When a student completes the assigned exercise, they switch roles and repeat the process until each one has completed the learning cycle for the station. For all CSL stations, students are expected to demonstrate professionalism, good hand hygiene, universal precautions, and maintaining a sterile field when indicated. Results of the annual student evaluations of the course have been consistently very positive. In addition, the CSL and students’ clinical learning were temporarily displaced to other locations. However, as shown in Figure 1, confidence levels were sustained (mask ventilation) or increased (GUC, pelvic exam, and skin suturing) by the end of the third-year clerkships. The premise was that standardized early exposure would strengthen students’ pre-clinical preparation and self-confidence, which in turn would facilitate their future efforts to pursue and succeed in performing such core clinical skills and procedures correctly and safely. With increased outpatient care, shorter hospital stays, and less time for teaching in clinical settings, students’ access to sufficient and appropriate patient situations has decreased and their opportunities for learning and practice can vary considerably. For the CSL, students complete a series of hands-on, situation-based learning and assessment sessions targeting 36 core clinical skills and procedures, starting the first week of medical school and continuing until the end of Year 2. Thus each student learns, performs, observes, assesses, and provides feedback using the standardized performance checklist as a guide. First-year students complete a total of 12 hours in face-to-face sessions, while second-year students complete 10 hours. From the onset, a key premise of the CSL curriculum was that active learning and deliberate practice in these sessions would increase students’ confidence in engaging in core clinical skills and procedures, and in turn result in increased student participation and practice in subsequent opportunities (actual and simulated) as they progress through medical school.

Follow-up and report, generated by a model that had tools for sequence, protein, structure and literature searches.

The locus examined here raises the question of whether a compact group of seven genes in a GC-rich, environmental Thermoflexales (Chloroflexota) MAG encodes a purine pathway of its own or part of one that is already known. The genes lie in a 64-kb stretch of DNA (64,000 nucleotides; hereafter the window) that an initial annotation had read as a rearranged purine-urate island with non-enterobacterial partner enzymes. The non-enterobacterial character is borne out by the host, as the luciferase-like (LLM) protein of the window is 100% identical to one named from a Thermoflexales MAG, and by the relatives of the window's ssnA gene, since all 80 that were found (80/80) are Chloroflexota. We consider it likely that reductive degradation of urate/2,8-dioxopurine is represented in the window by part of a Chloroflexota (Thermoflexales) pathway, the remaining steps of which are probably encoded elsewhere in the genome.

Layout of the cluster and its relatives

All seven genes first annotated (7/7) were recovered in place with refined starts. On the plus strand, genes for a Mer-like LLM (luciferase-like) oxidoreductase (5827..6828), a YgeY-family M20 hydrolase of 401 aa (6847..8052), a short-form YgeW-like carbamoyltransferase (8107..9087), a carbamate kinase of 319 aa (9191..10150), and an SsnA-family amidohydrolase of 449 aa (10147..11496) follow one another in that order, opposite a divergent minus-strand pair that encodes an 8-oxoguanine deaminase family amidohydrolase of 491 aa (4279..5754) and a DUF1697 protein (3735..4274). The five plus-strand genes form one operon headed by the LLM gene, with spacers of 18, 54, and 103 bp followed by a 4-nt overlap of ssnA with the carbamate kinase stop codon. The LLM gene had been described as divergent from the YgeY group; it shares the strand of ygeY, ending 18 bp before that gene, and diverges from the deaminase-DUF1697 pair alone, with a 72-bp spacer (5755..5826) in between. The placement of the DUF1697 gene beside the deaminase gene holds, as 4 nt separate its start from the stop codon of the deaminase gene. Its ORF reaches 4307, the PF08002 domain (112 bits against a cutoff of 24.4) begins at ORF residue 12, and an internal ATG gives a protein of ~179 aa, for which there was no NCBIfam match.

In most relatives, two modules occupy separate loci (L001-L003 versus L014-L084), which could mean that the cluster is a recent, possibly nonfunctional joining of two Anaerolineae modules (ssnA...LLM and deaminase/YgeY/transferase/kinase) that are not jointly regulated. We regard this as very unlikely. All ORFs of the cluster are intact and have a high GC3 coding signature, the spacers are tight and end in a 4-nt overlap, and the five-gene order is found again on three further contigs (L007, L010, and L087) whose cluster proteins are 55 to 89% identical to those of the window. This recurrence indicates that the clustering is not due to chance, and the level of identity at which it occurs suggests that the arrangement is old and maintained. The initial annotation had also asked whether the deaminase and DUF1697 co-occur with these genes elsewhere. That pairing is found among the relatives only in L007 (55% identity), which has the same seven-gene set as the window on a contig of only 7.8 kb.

More interestingly, Table 3 shows that the number of procedures performed by the end of the second year was significantly greater for the students who completed CSL training than for those who did not have the CSL in the curriculum.
Finally, as shown in Table 4, the correlation between students’ self-efficacy level and the number of procedures performed in the second year was positive and statistically significant. After completing a station, the students rotate together to the next station to perform new tasks, and continue in this fashion until all the stations have been completed.